Ah, the freedom of the road; touring this beautiful country with no pressure of time or just taking a short break. A caravan or motorhome allows us to wander at will, stay for as long as we like and move on when we fancy; fantastic if neighbours have pitched in from hell or you need a break from the folks who are normally next door
Springtime is when most people with a yen to escape consider buying a home on wheels whether powered or not. Buying a Spanish registered vehicle is the simplest option, but the specifications are generally lower than UK models and the prices, as with cars, are sky high. Of course you may have brought such a vehicle from home and need to make it legal
As is normally the case if you owned a vehicle before coming to Spain, re-registration is straightforward. This is due to a regime known as Change of Residence (Cambio de Residencia) which is positive discrimination in favour of us foreigners over the natives, allowing us to bring our personal vehicles with us to this country. And no, you do not need to take up permanent residency to qualify under this system despite what the bar room lawyers may say
If you purchase a vehicle after coming here (which in practice means signing on the Padron) then the same rules apply to us as to Spaniards. This means that the vehicle must have European Type Approval. This standard applies to most cars and bikes but less often to caravans and motor homes as standards were agreed later for these vehicles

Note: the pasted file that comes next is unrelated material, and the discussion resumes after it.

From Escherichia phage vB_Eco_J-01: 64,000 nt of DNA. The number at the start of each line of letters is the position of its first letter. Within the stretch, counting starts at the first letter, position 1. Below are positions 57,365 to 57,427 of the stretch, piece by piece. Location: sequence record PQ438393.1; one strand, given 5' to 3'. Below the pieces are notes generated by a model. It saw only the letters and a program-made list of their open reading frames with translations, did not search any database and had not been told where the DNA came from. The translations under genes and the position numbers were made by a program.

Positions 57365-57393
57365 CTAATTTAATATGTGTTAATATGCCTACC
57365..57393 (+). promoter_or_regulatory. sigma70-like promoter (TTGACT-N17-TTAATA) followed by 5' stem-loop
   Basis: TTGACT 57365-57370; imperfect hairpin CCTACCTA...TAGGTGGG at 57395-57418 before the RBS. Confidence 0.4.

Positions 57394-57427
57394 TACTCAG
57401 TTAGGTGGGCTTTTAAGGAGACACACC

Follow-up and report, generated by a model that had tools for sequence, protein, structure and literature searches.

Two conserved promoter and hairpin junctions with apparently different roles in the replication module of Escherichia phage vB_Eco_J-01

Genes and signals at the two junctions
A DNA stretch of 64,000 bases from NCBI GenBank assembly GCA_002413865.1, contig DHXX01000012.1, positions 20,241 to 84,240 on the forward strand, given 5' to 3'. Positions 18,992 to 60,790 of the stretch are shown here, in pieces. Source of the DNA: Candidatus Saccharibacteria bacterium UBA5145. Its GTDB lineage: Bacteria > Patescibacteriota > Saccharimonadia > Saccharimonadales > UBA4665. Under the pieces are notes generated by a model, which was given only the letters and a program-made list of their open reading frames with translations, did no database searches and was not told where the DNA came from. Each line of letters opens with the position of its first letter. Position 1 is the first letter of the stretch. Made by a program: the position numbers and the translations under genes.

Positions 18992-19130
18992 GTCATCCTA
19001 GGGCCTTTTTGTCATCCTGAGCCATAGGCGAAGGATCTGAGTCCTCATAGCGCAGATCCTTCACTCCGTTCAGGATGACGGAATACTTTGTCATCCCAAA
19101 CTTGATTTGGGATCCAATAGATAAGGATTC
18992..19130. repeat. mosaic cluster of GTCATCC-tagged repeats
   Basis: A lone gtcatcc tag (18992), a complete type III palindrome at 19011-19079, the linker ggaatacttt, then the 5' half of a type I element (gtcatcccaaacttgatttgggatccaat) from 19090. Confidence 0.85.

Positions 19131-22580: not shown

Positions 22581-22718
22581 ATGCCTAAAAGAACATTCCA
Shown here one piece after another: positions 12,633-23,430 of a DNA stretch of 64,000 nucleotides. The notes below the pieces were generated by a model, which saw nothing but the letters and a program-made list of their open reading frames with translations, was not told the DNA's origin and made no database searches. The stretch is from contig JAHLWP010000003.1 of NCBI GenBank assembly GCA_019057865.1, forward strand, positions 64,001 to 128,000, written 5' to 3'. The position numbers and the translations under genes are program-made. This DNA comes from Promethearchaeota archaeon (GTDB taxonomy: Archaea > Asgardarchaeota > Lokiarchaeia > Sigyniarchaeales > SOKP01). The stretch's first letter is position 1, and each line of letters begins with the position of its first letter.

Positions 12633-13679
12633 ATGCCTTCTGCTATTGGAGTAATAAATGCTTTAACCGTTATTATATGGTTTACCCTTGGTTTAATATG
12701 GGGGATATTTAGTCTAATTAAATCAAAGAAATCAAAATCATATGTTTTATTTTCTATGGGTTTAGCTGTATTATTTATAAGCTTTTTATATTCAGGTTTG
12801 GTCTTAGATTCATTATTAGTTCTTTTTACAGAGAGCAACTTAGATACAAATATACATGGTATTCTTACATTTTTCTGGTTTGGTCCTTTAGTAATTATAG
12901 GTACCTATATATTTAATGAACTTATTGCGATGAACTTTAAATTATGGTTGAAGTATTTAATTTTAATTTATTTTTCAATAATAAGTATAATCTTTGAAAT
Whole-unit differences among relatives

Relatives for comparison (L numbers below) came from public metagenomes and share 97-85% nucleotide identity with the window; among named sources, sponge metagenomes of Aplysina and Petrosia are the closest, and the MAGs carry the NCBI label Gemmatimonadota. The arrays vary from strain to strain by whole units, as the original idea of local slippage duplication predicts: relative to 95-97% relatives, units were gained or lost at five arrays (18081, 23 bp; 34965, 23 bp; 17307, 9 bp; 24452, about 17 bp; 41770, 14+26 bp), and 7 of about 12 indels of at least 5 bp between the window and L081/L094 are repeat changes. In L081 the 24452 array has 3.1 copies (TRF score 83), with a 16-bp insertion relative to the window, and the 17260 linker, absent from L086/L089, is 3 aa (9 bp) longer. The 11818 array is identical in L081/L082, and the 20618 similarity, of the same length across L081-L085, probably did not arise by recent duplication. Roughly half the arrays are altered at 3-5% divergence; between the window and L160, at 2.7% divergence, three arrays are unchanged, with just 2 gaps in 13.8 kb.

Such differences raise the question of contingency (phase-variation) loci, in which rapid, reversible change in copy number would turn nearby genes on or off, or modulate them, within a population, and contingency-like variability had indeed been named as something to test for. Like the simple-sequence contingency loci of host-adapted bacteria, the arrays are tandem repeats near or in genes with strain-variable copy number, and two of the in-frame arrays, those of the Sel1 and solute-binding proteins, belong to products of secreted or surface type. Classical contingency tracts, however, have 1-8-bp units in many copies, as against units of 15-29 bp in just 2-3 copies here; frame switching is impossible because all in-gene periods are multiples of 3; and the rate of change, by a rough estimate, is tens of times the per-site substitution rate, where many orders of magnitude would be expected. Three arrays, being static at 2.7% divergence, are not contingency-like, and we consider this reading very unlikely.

Many expats are unaware that their caravan or trailer needs to be registered in Spain too. A caravan or trailer over 750 Kg has to follow the same process of registration as do powered vehicles. Proof of registration in your home country is also required; although DVLA do not provide caravan documents, CRiS registration via the Caravan Council is perfectly acceptable proof
If your caravan has a Certificate of Conformity it can go straight to an ITV centre for inspection of the brakes, tyres and lights. You will also need to have the gas and electric installations inspected independently; be careful here as many of these inspectors charge an extortionate fee for this simple process; whilst sensible ones like the one I use exist, they are less easy to find. If you do not have a CoC then the engineer’s report (ficha reducida) acts in lieu and is more flexible
After the mechanical bits have been sorted the registration process itself takes place and you will eventually be issued with a red number plate. Unless you have patience that would put Mother Theresa to shame, speak Spanish, have infinite time at your disposal and masochistic tendencies you may find it less stressful to pay a professional to do this for you. They are easy to spot as they have pulled all of their
hair out, fingernails are chewed to the bone and after a drink or two can be found hiding in a corner babbling in Spanish.
Motor homes and campervans follow the same process as for caravans and trailers except that the engine emissions are tested and the headlights checked to ensure that they do not point to the left hand kerb. In addition the drive shafts and steering mechanism go through the fearful process that shakes the vehicle as if it were off- roading, so keep the crystal glasses that the mother-in- law bought well lashed down or her tongue will lash you.
Many expats buy older vehicles because they are more cost effective. Quite a few buyers get pretty upset when advised that their new pride and joy cannot be registered. Please do not assume that because a vehicle is registered in another EU country it will automatically be accepted into Spain, so before you start your search or hand over any cash check it out first